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  #1  
Old 11 August 2011, 02:30 AM
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Driver High beam floor switch law

Comment: I saw this on facebook and was wondering if it was real. I
searched around and couldnt find any info on it.

theres a new law on the books starting in january 2012. the high beam low
beam switch in all cars have to be put back to the little button on the
floor like the old days. 300.00 fine if not done by february 2012. they
are gonna sell a conversion kit for 200.00. crazy huh
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  #2  
Old 11 August 2011, 02:38 AM
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A) A law where? A federal law? A state law?

B) Who are "they" selling it?

C) Who gets the money for the fine?

D) How will "they" know whether you did it or not?

E) Aren't old cars grandfathered in? I mean, you can drive a Model T around without seatbelts, right?

F) What is the benefit of the high beam switch being on the floor instead of someplace else?
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  #3  
Old 11 August 2011, 04:06 AM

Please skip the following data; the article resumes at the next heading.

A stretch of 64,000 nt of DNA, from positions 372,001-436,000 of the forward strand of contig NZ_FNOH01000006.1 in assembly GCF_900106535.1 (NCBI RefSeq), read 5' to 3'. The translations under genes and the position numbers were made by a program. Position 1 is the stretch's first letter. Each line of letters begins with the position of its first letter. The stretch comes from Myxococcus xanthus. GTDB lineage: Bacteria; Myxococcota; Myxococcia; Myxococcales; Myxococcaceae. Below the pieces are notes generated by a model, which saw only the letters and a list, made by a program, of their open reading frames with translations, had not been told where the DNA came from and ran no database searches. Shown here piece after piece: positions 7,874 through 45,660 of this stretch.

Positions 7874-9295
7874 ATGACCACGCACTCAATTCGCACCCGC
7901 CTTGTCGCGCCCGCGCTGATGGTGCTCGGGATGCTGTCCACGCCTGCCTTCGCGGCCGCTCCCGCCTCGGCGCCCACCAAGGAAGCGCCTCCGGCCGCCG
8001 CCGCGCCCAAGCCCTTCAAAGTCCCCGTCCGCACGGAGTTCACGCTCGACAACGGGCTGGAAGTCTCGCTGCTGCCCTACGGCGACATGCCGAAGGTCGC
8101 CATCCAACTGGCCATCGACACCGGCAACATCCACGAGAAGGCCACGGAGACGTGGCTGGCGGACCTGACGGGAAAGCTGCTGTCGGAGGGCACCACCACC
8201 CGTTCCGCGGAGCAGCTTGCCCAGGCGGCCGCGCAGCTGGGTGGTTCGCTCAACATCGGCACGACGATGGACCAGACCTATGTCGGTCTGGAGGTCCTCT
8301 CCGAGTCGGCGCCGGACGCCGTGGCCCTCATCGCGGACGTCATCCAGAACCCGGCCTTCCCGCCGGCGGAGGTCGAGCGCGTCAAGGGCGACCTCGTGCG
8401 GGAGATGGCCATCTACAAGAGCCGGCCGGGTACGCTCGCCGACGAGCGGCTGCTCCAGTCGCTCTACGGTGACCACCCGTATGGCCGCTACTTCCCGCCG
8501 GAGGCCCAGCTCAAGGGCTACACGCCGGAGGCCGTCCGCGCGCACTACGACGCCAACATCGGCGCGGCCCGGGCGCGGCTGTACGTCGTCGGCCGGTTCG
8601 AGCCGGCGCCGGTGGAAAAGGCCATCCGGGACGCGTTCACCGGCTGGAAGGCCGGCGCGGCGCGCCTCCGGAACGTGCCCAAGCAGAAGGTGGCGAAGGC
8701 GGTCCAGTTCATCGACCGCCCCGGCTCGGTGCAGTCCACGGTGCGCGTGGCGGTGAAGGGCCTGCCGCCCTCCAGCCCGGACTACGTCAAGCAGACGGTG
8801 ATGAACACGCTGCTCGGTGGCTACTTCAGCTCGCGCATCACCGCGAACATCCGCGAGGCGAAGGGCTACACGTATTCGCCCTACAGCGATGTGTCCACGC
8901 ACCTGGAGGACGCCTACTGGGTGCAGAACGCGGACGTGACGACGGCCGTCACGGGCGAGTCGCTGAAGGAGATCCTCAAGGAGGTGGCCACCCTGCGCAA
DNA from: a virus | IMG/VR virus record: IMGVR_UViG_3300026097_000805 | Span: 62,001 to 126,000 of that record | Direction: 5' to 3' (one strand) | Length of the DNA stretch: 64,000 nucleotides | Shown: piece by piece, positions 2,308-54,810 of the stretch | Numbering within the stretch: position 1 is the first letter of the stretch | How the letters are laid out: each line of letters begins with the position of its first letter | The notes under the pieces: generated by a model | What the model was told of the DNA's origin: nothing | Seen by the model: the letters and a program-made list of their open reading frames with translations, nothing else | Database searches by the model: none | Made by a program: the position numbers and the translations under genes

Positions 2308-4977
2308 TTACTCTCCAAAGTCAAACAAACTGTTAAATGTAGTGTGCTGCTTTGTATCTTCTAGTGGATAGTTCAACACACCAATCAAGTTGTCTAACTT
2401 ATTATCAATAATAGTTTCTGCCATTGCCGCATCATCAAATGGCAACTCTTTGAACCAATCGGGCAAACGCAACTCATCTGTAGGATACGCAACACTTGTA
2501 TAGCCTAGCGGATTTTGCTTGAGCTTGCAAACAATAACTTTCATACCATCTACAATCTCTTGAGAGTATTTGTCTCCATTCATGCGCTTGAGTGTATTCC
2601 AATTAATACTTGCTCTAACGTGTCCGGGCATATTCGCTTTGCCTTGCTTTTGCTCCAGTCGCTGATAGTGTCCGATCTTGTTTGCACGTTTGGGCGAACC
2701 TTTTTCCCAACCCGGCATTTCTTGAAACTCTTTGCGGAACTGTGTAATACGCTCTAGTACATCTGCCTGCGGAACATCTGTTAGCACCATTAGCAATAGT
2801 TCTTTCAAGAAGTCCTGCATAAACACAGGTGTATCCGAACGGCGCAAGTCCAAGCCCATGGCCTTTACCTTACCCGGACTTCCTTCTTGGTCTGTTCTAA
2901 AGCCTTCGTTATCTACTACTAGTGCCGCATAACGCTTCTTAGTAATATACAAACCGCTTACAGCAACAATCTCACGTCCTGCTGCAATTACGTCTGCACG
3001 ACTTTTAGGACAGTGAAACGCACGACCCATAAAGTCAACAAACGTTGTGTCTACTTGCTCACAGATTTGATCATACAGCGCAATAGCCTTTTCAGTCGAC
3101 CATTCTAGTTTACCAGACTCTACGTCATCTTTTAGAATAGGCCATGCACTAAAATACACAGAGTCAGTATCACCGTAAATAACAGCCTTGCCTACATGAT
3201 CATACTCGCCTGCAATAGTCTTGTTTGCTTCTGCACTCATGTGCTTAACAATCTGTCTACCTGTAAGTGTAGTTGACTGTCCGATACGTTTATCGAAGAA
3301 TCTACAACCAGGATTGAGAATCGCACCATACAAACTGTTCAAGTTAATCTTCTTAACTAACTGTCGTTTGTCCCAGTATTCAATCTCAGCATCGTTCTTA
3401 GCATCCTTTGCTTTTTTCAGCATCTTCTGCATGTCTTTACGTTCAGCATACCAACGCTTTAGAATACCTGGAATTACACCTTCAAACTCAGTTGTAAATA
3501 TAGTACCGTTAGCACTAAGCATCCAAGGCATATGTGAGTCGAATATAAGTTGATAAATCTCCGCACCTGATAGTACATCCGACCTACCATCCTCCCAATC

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G) Why would they pass said law in the first place?
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  #4  
Old 11 August 2011, 06:51 AM
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Police

Quote:
Originally Posted by diddy View Post
G) Why would they pass said law in the first place?
That's easy. A floor switch for the high beam/low beam would mean it is activated by stepping on it. Which means if you are nervously tapping your left foot while driving, you're flashing your headlights. Which in turn makes it so much easier to catch drug trafficers, human trafficers, criminals with an outstanding warrant, and liberals - because the all are nervous when approaching a law enforcement or border controll officer.

Q.E.D.
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  #5  
Old 08 September 2011, 12:10 PM
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Wow, this is so daft, I can't help but love it! I think my '74 Mercury Comet might have had a floor-mounted high-beam switch, but I can't say for sure, 'cause it's been a while.
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  #6  
Old 09 September 2011, 08:25 PM
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Quote:
Originally Posted by Don Enrico View Post
That's easy. A floor switch for the high beam/low beam would mean it is activated by stepping on it. Which means if you are nervously tapping your left foot while driving, you're flashing your headlights. Which in turn makes it so much easier to catch drug trafficers, human trafficers, criminals with an outstanding warrant, and liberals - because the all are nervous when approaching a law enforcement or border controll officer.
Hell, those gang initiations shooting them should take care of that pretty quick.
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  #7  
Old 09 September 2011, 11:34 PM